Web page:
Monday, it was finally time to leave Beauvais Lake. The plan had been to travel farther south to two locations, Payne Lake and Police Outpost Provincial Parks, but Fred’s leak problem hadn’t been fixed due to an out-of-stock part, so we drove to St Mary’s Lower Campground instead with plans to take the truck to Lethbridge on Tuesday morning.

That’s us!

At St Mary’s, we were treated to a campsite that backed onto the river plus a warm, calm afternoon for exploring the campground and surrounding area. Sometimes it’s those unplanned stops that turn out to be the real gems on a journey. Don’t you think? Tea and cookies in the sun (I do love ginger snaps) wrapped up another fine day before retreating inside from the cooling temps and a light rain.

Afternoon teatime in the sun.

Tuesday’s weather was damp but spirits were not when Nollind returned to camp with a fixed Fred. The trip we feared was going to end similarly to the last one, limping home with a broken truck, was not over yet!

Police Outpost Provincial Park sits right at the border between Alberta and Montana and features a pretty lake, a campground tucked into aspen woodland, and crazy cool views of Chief Mountain. First Nations people from both the US and Canada travel to the base of this mountain for sweet grass ceremonies and other religious rites and, if you’ve ever seen it, you’ll understand why.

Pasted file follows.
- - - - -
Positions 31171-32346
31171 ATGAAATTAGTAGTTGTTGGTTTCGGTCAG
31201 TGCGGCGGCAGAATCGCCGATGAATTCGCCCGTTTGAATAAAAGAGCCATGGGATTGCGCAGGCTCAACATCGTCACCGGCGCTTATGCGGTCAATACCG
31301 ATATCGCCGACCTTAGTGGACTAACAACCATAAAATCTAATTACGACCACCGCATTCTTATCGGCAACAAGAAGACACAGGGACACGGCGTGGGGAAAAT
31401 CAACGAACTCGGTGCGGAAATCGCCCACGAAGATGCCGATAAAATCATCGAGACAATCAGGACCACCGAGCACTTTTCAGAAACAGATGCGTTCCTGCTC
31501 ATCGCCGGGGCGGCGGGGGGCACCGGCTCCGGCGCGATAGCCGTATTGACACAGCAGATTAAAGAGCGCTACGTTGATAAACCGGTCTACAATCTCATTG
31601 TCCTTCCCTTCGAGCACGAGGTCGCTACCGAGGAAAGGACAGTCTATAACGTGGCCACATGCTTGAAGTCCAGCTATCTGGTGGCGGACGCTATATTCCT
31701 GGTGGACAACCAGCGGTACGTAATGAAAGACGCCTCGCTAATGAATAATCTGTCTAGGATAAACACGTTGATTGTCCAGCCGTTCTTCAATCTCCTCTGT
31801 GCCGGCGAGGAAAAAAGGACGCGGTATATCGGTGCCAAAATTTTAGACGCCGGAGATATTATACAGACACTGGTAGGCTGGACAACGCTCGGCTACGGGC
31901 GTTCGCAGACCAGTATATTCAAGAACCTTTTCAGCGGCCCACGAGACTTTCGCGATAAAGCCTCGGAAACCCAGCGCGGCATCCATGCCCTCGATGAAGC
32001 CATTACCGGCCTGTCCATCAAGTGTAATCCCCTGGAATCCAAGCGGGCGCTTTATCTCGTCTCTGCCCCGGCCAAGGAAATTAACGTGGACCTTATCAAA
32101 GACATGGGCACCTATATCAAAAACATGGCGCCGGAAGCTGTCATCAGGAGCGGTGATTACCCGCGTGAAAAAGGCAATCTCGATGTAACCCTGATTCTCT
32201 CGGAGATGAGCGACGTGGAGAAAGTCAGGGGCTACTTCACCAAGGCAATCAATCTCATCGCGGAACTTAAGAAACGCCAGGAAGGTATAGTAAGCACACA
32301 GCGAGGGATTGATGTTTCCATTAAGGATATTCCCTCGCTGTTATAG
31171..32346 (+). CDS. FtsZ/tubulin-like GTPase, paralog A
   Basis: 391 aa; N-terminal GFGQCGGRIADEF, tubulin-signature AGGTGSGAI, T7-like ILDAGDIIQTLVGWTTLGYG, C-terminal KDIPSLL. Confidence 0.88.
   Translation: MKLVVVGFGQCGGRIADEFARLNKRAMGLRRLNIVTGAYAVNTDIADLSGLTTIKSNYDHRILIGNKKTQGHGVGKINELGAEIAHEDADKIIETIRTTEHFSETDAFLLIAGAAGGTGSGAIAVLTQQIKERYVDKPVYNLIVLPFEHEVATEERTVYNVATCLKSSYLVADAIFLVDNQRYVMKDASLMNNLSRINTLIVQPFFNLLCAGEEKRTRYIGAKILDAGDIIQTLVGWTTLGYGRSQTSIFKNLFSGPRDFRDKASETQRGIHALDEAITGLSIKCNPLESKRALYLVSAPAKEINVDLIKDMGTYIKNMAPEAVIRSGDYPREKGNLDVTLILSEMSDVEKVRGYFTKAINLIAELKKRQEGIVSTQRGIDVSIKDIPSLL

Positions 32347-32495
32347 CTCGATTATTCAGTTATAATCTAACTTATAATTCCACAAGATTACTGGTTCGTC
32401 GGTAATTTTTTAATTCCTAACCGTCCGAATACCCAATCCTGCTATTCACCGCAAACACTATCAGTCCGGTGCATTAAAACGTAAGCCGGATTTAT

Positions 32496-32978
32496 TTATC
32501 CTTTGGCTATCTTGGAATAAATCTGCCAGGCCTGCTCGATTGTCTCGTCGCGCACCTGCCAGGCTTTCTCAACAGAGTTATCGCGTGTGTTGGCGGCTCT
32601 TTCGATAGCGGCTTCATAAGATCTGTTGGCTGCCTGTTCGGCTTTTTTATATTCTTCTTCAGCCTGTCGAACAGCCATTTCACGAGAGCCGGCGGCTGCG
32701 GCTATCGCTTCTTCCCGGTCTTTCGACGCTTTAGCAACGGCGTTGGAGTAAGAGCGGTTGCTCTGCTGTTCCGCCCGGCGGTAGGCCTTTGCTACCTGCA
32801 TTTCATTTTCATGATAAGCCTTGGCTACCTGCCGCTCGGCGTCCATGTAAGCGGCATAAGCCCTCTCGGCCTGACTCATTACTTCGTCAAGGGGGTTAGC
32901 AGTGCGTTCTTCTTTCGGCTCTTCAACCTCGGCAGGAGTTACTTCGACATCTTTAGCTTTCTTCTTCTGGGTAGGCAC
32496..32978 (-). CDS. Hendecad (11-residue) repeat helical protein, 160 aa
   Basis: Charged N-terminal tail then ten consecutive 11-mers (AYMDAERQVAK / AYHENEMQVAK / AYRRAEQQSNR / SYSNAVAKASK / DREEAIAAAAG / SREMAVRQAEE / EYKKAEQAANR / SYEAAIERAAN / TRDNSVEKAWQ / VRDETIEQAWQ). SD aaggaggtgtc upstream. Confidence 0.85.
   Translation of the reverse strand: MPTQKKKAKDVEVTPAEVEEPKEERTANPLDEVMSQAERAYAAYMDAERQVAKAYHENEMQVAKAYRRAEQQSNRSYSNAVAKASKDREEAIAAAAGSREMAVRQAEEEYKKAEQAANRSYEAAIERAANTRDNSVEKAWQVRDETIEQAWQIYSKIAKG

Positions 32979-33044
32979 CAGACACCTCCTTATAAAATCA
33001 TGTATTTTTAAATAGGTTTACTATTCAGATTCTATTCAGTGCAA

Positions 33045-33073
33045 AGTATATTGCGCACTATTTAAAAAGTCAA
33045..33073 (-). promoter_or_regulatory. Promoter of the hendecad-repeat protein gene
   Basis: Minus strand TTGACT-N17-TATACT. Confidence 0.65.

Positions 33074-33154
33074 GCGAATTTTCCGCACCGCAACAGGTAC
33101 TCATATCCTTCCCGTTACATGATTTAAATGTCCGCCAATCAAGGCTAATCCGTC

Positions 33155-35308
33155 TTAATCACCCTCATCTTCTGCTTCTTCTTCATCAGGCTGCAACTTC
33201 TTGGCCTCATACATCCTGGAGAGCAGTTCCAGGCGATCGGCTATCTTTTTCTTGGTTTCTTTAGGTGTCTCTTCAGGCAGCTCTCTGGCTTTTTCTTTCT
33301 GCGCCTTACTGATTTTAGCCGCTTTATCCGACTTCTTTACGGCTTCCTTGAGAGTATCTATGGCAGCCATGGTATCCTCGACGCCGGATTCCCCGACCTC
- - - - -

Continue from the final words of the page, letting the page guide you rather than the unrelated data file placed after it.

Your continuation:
Pretty wow, right?

It was windy and mostly overcast when we arrived at Police Outpost, so the peeps made the decision to venture along the lakeshore trail that first afternoon. We had the place to ourselves, the campground and the trail, and our walk included a long footbridge to the tip of an island. We do find the coolest places to walk.

Walking to Outpost Island.

It started to rain again that night, turning to snow in the wee hours and covering the ground by morning. T wanted to see the mountain shown in many of the photos of the park, but it wasn’t going to happen with the heavy skies. So, it was a snowy walk around the campground followed by a matinee in the trailer. I do love a matinee … it fits in so well with my nap time. Maybe it should be called a nap-inee?

It was a great movie.

By mid-afternoon, the sun was shining brightly on melting snow. The hike to the United States was on! Yup, that was our destination … Montana, USA. The southern boundary of Police Outpost Provincial Park lies right on the International Boundary and there’s a terrific trail, with views of Chief Mountain, to the border obelisk (and cameras). I’ve been across the US border in a vehicle five times now but never on foot and, since the land border is currently closed to nonessential traffic, this is the only border crossing I’ll experience this year. Nobody there but the cows to check my health papers.

See the leash? So you know where I was.

The hike to the border was so much fun we did it again Thursday morning before packing up and heading out in a chilly northwest wind. Payne Lake was going to have to wait for another trip with snow on the ground and more headed our way, along with wintry temps. We’d rolled right through Mother Nature’s first winter pitch, but we wanted to be home and tucked in before she brought out her A game. And we were, just in time, with most of last Fur-iday to winterize trailer and farm.

Snowy afternoon at Police Outpost.

With the border closed due to the pandemic, we won’t be trailer travelling to snowbird destinations anytime soon, sad to say, but I know there’ll be more adventures, probably snowy ones, in the months ahead.

Chico, Fur-iday Files correspondent signing off, from the farm.